It brings a certain amount of symmetry, but the State College boys’ basketball team is hoping for a different outcome.
The season’s opening weekend featured a matchup between the Little Lions and North Allegheny.
The state playoffs begin with the same teams tangling again, although a little more is on the line this time.
On the heels of a third straight District 6 title, State College (17-7) will face North Allegheny (21-4) in a PIAA Class AAAA opener at 7 p.m. Saturday at Altoona High School.
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The Tigers finished as the fourth-place team out of District 7, losing 66-62 to Hampton in the semifinals last week.
But it is another result that can bring some motivation for the Little Lions – a 68-53 Tigers win in the finals of the Skip Coleman Memorial Invitational in the North Gym.
“We grew and I have to think they grew,” said senior guard/forward Bryan Sekunda. “Both teams have probably come a long way.”
Only so much can be learned from the first meeting – if the game was played the first week of February instead of in December it would be a different story – but still there was much to learn from that game.
Most importantly, the Little Lions can remember a 31-23 lead at halftime, and being outscored 28-12 in the fourth quarter.
One key difference for this game was State College had less than 24 hours to prepare for that one, after both played the night before, while this time there is more than a week to cover the game plan.
“You’ve got to come out with a lot of energy,” said Sekunda, who leads the team averaging 20 points and 5.8 rebounds per game. “If you come out flat in a playoff game, it’s not easy to come back. The atmosphere in a playoff game is a lot different from the regular season.”
They will need a special game plan for this opponent. North Allegheny plays full-court defense and dials long distance often. The Tigers attempted 43 3-pointers in that loss to Hampton, head coach Drew Frank said, and took 23 3-pointers in the first half alone in that meeting in early December.
“We haven’t played a team like that since we played them early in the season,” Sekunda said. “I can’t say anyone plays the same as they do. They are so press-oriented and they shoot so many threes.”
While the Little Lions do some pretty good work of their own from long distance – Sekunda leads the team with 55 made threes, followed by 47 for Kyle Kanaskie and 45 for Jason Costa and all three make at least one-third of their attempts – they are not about to get into a war of launching bombs.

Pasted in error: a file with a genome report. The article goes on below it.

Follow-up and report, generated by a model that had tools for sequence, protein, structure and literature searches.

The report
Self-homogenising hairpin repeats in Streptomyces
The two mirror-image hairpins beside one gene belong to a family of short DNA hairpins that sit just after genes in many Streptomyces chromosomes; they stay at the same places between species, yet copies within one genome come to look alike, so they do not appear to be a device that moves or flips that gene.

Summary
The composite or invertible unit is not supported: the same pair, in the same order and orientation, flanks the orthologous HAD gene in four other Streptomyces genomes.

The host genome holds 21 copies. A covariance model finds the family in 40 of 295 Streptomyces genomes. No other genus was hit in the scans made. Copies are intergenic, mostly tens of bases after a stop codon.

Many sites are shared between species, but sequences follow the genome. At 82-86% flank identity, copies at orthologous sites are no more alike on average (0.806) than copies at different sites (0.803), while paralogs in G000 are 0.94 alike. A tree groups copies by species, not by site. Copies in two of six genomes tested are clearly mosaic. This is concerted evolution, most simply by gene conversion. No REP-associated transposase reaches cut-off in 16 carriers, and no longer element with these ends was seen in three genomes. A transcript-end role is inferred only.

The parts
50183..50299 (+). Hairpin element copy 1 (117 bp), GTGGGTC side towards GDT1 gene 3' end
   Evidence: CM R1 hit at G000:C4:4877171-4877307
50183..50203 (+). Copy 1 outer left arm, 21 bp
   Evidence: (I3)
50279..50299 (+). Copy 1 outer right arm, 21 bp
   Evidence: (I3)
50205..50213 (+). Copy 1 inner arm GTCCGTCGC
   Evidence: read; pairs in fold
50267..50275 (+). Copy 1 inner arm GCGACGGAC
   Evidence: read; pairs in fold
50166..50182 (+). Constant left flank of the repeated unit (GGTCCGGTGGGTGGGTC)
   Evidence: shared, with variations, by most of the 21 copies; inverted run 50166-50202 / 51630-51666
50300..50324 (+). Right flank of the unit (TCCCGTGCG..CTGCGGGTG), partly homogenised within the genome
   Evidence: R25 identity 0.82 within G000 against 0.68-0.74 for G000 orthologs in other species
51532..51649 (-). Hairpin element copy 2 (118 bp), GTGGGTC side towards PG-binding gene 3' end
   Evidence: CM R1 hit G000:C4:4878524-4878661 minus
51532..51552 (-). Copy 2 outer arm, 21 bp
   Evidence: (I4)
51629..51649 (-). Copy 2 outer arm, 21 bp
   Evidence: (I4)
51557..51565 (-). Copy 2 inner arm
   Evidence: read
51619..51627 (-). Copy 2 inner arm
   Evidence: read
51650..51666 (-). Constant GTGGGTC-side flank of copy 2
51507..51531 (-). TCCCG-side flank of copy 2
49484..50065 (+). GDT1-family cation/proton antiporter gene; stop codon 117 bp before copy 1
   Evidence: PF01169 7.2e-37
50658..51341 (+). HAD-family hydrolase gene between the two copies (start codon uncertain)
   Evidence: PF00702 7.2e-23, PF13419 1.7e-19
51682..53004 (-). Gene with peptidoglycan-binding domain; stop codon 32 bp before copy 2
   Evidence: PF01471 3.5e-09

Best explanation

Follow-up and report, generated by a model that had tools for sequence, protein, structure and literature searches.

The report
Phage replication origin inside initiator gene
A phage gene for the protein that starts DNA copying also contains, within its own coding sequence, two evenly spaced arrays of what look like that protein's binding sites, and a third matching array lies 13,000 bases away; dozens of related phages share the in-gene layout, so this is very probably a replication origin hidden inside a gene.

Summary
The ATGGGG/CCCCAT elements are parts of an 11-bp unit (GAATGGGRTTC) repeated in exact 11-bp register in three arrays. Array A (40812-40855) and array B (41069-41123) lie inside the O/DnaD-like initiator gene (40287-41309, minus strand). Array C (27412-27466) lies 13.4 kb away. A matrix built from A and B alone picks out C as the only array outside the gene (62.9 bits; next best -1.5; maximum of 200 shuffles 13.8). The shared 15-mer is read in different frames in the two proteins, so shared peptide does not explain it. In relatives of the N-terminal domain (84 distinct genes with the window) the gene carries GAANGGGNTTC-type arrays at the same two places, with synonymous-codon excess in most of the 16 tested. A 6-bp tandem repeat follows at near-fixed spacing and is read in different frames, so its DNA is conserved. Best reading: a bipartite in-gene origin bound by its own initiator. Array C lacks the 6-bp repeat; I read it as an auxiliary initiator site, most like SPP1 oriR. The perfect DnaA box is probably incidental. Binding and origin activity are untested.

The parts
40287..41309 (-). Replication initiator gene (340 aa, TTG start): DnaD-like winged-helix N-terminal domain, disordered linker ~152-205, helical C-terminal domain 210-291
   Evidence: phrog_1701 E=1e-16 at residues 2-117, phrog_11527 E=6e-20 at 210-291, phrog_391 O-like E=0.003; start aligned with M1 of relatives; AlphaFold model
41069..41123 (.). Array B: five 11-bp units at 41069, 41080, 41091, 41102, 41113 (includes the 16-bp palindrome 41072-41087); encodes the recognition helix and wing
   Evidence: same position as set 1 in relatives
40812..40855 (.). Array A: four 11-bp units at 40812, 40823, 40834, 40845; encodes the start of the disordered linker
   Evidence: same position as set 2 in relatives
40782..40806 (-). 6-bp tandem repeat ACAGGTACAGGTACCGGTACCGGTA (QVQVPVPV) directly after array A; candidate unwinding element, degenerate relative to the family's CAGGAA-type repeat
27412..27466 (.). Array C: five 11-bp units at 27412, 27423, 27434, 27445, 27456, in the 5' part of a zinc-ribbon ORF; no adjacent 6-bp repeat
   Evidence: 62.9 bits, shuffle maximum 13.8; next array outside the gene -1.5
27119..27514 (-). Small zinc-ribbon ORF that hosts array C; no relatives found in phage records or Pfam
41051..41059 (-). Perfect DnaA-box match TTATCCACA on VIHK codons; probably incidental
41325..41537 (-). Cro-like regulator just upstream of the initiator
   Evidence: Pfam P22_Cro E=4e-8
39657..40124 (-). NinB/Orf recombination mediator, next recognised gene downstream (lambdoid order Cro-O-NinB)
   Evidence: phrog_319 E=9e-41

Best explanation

“We don’t want to live-and-die by the three,” Sekunda said. “That’s never a good thing. We definitely shoot threes, that’s part of our team, but we’ve got to keep it going both inside and out.”
“If we’re putting 43 up, we’ve got problems,” Frank said. “We have players that have a green light to take it any time they feel that it’s a good shot, and we have others that better be making good decisions. If we’re taking the same number of threes as North Allegheny, if it’s less than 20, that’s terrific. If it’s more than 20 and we’re attempting the same number, it favors them.”
The Tigers only lost to two teams all season – twice to Hampton and twice to eventual District 7 champion New Castle, which is the state’s lone undefeated boys program in any class.
State College is playing better now than a few weeks ago, having won four straight after losing four out of five games. Three of those losses, however, were to teams also alive in the AAAA bracket.
The Little Lions are feeling different now that the calendar has turned to March.
“The guys get it that it’s got to come from within them,” Frank said. “It truly is about them. The focus should be about the players at this point, not on us.”
While he does some of the talking, Frank also has deferred some motivational talk to the seniors like Sekunda and Kanaskie, who have been through the state playoffs twice before. He also has brought in alumni to talk about playing at this time of the season.
“I know this team wants to leave a mark on State College basketball,” Frank said. “(Saturday) will be the first step toward doing that. I think they get that. They want that for this team. The seniors know this is their last time together.”
Sekunda understands that kind of motivation, and would like to be playing again next week.
“The win-or-go-home thing is pretty much what we’re living by,” said Sekunda, who has heard from Division I programs but has yet to choose a college. “This is the last time this team will be together, so whenever the season’s over, that’s it. There are no more chances. We don’t want to go home.”